Genome Function

Thematic program focuses on understanding the mechanisms cells use to access the information in their genomes to grow and develop, to respond to the environment, to safeguard their genetic information, and how errors in these processes can lead to genetic disease.  The program includes study of DNA sequence and genetic variation, chromatin dynamics, gene regulation, epigenetic modification and inheritance, nuclear organization, and genome stability.   Investigators use a variety of established and cutting-edge approaches to interrogate genome function in multiple organisms including flies, mice, and humans.   Our interests include: 1) fine-scale mapping of non-coding genetic variation that affects enhancer function to determine the mechanisms by which disease-associated alleles induce atherosclerosis and hypertension,  2) examining how chromatin compaction alters nuclear shape and gene expression in laminopathies such as Emery-Driefuss Muscular Dystrophy and Hutchinson Gilford Progeria Syndrome, and 3) understanding how epigenetic changes cause hyper-mutation and chromosome damage, pushing healthy cells toward a cancer disease state.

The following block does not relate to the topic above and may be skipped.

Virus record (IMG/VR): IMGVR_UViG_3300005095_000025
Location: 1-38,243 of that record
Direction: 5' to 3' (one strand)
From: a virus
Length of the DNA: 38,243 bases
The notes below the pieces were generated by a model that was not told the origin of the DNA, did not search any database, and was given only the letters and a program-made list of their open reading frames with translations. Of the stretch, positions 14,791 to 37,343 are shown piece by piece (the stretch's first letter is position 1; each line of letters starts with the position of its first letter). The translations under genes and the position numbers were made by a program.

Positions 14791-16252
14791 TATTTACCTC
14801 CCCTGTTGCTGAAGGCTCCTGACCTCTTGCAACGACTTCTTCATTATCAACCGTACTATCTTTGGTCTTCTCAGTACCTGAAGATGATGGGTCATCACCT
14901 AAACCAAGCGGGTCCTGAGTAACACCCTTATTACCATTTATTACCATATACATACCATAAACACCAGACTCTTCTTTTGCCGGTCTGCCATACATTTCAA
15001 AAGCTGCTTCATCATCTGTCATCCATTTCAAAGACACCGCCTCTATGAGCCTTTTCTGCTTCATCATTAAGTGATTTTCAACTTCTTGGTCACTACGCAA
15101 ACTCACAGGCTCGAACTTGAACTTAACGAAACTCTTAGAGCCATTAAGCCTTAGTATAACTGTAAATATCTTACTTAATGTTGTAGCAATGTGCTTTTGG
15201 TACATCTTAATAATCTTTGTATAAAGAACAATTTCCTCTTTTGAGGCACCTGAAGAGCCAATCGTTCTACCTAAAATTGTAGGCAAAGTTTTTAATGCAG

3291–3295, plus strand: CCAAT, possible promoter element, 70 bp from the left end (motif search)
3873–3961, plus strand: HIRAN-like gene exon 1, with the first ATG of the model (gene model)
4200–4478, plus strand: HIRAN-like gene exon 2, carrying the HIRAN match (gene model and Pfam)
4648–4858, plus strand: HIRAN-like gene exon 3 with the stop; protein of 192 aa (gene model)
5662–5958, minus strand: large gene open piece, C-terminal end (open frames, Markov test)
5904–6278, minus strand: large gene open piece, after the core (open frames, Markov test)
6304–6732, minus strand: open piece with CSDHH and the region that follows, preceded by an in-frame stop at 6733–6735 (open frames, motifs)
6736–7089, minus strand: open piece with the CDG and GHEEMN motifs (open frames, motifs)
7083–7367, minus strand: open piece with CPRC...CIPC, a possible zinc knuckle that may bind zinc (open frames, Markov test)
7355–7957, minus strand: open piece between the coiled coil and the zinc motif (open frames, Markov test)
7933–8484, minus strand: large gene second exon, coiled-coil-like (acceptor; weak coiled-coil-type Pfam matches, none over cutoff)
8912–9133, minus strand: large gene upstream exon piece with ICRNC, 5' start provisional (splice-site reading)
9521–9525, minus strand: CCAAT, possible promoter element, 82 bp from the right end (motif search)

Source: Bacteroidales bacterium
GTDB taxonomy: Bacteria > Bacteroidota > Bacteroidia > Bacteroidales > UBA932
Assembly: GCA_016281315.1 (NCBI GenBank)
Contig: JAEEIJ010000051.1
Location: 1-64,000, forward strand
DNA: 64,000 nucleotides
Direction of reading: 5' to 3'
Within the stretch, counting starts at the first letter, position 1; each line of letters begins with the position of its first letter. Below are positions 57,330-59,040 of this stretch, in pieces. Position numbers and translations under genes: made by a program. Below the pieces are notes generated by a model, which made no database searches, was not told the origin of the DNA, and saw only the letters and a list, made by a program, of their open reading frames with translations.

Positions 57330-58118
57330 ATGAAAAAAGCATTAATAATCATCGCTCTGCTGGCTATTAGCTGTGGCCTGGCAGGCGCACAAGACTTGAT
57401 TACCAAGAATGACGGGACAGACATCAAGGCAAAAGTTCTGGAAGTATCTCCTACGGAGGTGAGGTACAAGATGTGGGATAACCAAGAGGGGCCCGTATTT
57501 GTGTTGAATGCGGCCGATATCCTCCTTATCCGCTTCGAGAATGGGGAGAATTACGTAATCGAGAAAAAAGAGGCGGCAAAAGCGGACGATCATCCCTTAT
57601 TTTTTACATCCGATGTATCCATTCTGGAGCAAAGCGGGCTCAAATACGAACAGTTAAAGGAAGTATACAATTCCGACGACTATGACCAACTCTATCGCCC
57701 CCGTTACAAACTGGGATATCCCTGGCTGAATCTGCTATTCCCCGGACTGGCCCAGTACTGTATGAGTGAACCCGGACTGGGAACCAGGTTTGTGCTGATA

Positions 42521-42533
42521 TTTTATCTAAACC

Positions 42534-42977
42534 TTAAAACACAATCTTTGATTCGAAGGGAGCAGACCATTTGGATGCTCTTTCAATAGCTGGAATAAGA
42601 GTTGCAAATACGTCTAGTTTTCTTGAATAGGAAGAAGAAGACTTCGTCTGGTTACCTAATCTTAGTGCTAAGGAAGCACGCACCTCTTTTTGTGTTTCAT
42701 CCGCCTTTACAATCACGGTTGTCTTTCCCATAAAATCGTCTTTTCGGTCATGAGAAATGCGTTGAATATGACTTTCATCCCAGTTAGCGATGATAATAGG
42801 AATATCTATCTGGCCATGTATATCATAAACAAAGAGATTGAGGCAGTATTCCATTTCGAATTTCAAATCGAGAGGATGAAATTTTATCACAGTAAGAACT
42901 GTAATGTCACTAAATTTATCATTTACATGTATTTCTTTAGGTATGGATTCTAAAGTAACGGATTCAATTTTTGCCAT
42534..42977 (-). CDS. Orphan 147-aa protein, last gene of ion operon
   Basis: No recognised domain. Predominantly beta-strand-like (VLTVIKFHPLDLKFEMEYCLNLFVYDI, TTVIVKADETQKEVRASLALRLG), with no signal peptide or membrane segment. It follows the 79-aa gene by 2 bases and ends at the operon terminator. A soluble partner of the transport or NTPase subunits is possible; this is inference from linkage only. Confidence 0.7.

Primary Faculty
Assistant Professor, Cellular and Molecular Medicine (Research Scholar Track)
Assistant Research Scientist, Asthma & Airway Disease Research Center
(520) 626-8639

Developing new single-cell genomic technologies and applying those technologies to animal models and primary samples to better understand the gene regulatory basis of development and disease.
Director of Graduate Studies, Genetics GIDP
Associate Professor, Cellular and Molecular Medicine
Associate Professor, Cancer Biology GIDP
Co-Program Leader, Cancer Biology Research Program
(520) 626-7979

Analyzing genomic instability in cancer susceptibility.
Associate Professor, Cellular and Molecular Medicine
Associate Professor, Genetics GIDP
Associate Professor, Cancer Biology GIDP
(520) 626-9545

Exploring the connection between epigenetic instability and chromosome damage.
Assistant Professor, Cellular and Molecular Medicine
Assistant Professor, Clinical Translational Sciences
Assistant Professor, Genetics GIDP
Research Fellow, BIO5 Institute
(520) 626-7244

Systems genetics approaches to identify mechanisms of complex disease.
Director, University of Arizona Cancer Center
Professor, Cellular and Molecular Medicine
Professor, Radiation Oncology
Professor, Genetics GIDP
(520) 626-2548

Discovering mechanistic insights into the roles of aberrant DNA repair in the development of cancer, autoimmunity, and other diseases.
Professor, Cellular and Molecular Medicine
Associate Director, Asthma and Airway Disease Research Center
Director, Arizona Center for the Biology of Complex Diseases
Professor, BIO5 Institute
Professor, Genetics GIDP
(520) 626-6387

Genetic, epigenetic and environmental mechanisms that control susceptibility to complex lung diseases